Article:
Traffic deaths fell slightly in 2017 after 2-year spike
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DETROIT — Traffic deaths on U.S. roads fell slightly in 2017 after two straight years of big increases, but a leading safety organization that compiled the numbers says it's no cause for celebration.
The National Safety Council on Thursday estimated that 40,100 people were killed in traffic crashes last year, down just under 1
"We're treading water, essentially," said council spokeswoman Maureen Vogel. "We're not making progress. This is the second year in a row we're seeing over 40,000 people killed in this country on the roadways."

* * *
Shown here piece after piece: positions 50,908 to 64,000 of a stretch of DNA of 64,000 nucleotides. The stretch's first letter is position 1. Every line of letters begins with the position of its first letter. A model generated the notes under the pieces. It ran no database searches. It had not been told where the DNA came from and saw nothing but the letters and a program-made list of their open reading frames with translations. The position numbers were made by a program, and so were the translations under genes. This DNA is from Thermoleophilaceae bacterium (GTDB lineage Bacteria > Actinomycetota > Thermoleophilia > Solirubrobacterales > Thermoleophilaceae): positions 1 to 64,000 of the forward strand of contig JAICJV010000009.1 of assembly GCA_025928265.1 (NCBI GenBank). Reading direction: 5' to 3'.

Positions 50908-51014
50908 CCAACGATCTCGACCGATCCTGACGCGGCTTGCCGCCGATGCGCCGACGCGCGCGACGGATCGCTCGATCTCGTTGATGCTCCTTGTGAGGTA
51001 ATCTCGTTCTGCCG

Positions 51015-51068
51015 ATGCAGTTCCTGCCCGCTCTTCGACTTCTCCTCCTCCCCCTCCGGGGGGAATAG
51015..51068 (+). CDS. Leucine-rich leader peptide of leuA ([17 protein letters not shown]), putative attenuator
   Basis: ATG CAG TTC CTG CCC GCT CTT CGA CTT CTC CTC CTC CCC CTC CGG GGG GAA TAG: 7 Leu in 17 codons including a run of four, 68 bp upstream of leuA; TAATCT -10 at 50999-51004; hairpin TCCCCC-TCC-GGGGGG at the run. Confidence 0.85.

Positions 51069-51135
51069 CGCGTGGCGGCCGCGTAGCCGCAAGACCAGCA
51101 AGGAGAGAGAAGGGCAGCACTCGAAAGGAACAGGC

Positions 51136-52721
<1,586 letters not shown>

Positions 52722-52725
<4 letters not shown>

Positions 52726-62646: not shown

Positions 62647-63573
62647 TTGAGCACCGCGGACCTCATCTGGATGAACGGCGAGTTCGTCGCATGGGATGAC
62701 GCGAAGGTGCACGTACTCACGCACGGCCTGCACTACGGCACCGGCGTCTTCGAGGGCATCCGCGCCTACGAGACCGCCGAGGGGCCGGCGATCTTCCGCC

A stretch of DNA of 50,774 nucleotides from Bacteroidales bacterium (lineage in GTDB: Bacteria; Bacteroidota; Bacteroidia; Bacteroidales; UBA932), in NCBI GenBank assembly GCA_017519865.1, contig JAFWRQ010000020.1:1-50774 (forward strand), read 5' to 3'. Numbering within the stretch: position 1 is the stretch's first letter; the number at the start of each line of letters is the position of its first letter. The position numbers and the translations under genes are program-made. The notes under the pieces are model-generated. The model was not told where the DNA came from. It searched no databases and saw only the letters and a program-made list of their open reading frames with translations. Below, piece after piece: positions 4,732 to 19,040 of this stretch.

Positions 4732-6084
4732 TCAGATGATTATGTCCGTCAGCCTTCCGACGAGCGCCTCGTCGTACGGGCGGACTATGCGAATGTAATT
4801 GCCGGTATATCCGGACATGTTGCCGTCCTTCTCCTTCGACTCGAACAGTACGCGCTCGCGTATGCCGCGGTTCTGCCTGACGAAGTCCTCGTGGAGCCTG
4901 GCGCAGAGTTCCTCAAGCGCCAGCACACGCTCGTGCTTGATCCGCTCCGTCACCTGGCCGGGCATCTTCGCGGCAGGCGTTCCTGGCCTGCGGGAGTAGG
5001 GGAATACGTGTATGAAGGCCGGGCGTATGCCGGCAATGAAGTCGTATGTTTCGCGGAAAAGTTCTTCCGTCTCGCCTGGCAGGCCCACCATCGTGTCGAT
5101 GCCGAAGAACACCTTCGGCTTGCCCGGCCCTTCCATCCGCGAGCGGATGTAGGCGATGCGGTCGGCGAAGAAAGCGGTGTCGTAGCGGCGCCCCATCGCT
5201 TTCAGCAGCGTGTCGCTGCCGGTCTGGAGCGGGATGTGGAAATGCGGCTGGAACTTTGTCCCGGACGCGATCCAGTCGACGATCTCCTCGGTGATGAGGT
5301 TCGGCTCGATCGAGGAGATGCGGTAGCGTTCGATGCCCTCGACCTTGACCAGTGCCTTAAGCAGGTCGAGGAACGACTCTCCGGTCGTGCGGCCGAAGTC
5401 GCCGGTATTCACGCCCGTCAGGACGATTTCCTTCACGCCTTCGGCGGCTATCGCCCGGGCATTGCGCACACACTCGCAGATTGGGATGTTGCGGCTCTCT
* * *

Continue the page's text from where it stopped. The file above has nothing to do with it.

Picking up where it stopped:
Fatalities rose 7
Motor-vehicle injuries in 2017 also fell 1
Traffic deaths began dropping in 2008 and reached their lowest point in six decades in 2011 at 32,000. They fluctuated slightly over the next two years, but started climbing in the last quarter of 2014.
Experts say as the economy recovered, people began driving more, and they also increased riskier
The council's fatality estimates differ slightly from those of the National Highway Traffic Safety Administration. The government counts only deaths that occur on public roads, while the council includes fatalities that occur in parking lots, driveways and private roads.